On the basis of the Slum Rehabilitation Scheme, it was determined to develop Dharavi by using land as a resource to cross-subsidize the cost of development through a selling element. It would be segmented, with developers chosen for each industry. Additionally, the government decided to designate a Special Planning Authority and notify the entire Dharavi region as an undeveloped area.

The government created a master plan in 2011 and canceled all bids. The Dharavi Redevelopment Project was initiated by the Maharashtra government with the goal of redeveloping a major chunk of the area into a new commercial center and residential neighborhood.

Vilasrao Deshmukh was the chief minister for two terms before passing away in 2012. Just over 300 residents have relocated to new homes in the Maharashtra Housing and Area Development Authority’s sector 5 over the course of the past 18 years (MHADA).

The BJP-Sena government created a Special Purpose Vehicle for Dharavi in 2018 and announced the initiative for its reconstruction. Later, international bids were asked. The Dharavi Redevelopment Project has seen multiple difficulties since it was announced more than 18 years ago. 101 firms participated in the global tenders that were floated in 2007 when the government established the Dharavi Redevelopment Authority (DRA). A state-appointed group of experts dismissed the idea in 2009, calling it a “sophisticated land grab.”

Another aspect that contributed to the project’s failure was eligibility. There were much fewer legal entities qualifying for the new homes than there were hutments in Dharavi. Only 37% of respondents to a BMC poll were found to be eligible for new homes. Due to the global recession, the procedure was canceled in 2011. Many bidders withdrew, citing a lack of clarity and a delay in execution.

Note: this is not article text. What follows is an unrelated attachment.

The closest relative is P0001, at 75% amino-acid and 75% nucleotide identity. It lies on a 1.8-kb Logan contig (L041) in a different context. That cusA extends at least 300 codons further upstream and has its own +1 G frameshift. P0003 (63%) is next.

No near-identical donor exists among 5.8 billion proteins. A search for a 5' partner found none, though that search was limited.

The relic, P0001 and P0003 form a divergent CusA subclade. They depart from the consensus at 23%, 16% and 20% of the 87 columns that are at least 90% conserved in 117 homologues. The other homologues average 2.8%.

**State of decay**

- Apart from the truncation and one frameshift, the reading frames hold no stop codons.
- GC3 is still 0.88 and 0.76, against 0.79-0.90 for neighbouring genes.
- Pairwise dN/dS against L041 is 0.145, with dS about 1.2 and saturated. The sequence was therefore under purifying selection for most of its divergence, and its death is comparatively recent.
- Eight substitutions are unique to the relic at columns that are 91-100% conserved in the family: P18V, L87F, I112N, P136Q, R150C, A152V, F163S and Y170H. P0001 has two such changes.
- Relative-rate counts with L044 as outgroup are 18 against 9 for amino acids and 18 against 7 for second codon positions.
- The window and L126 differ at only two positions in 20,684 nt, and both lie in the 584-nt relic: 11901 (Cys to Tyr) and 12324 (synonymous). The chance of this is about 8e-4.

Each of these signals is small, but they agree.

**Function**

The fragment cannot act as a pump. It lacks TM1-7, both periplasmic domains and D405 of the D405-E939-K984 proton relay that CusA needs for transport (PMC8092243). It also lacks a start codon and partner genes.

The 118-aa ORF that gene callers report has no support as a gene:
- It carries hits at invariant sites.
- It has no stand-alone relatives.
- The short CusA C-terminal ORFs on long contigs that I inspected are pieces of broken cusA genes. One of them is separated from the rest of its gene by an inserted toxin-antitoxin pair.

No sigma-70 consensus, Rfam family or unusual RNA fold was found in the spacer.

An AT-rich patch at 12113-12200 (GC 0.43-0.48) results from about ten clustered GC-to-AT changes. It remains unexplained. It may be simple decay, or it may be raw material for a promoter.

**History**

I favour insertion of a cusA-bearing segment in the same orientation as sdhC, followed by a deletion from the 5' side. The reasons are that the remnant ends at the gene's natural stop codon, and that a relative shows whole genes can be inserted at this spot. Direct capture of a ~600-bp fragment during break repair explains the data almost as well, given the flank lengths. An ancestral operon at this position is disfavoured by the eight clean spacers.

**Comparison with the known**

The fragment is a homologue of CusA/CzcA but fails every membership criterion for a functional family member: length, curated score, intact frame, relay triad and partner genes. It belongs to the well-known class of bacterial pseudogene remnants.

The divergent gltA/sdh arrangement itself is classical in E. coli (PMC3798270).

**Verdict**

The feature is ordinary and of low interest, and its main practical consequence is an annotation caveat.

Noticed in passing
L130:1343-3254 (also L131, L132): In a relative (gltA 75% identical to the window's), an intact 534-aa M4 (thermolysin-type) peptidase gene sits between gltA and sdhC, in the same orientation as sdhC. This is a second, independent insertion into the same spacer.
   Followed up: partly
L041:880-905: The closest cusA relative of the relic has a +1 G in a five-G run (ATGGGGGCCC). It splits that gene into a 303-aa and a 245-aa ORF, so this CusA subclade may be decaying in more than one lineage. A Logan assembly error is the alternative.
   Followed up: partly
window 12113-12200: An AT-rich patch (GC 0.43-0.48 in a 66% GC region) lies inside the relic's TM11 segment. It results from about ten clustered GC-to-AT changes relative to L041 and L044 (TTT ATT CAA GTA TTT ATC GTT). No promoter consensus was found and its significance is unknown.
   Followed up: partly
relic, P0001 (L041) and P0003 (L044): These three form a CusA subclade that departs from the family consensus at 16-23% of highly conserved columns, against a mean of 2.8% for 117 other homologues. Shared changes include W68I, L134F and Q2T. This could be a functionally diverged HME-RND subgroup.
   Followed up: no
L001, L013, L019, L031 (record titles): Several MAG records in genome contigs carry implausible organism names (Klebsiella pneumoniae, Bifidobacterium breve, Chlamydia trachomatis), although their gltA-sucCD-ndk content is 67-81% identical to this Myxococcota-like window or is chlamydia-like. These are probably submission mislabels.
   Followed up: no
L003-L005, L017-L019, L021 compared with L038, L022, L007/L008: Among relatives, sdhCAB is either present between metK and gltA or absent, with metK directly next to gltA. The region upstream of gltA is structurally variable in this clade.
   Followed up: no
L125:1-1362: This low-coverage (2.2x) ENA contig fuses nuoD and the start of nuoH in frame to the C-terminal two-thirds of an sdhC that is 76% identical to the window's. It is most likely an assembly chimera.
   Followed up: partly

2019’s loss for Adani

Adani Group

Seclink Technologies Corporation, a Dubai-based infrastructure company, defeated Adani in a bid in January 2019. Still, the tender was not awarded as a result of the choice to include Railway land in the rehabilitation project.

The Maharashtra administration had changed by 2020, and in October of that year, the Maharashtra Vikas Aghadi government, led by Uddhav Thackrey, canceled the tender and announced that new tenders would be floated soon. The MVA government had claimed that the Centre’s delay in delivering railway land necessary for the project was one of the grounds for canceling the tender.

The issue of land transfer from the Center was thought to have been handled once the government again changed, with Eknath Shinde becoming the new CM, and new tenders were requested.


The Dharavi Redevelopment Project initially had eight bidders, including institutions from South Korea and the UAE, who had attended a pre-bid meeting in October. Only three of them submitted a proposal for the project, though. The DLF Ltd., Naman Group, and Adani Group. The Dharavi Redevelopment Project did not accept the Naman Group’s bid.

The government is likely to consider both technical and financial eligibility before selecting the winning bidder and has set a minimum consolidated net worth necessity of 20,000 crores. The successful bidder must establish a special purpose vehicle (SPV) to carry out the project. The developer is responsible for taking care of amenities, infrastructure, and repair and renewal.

Edited by Prakriti Arora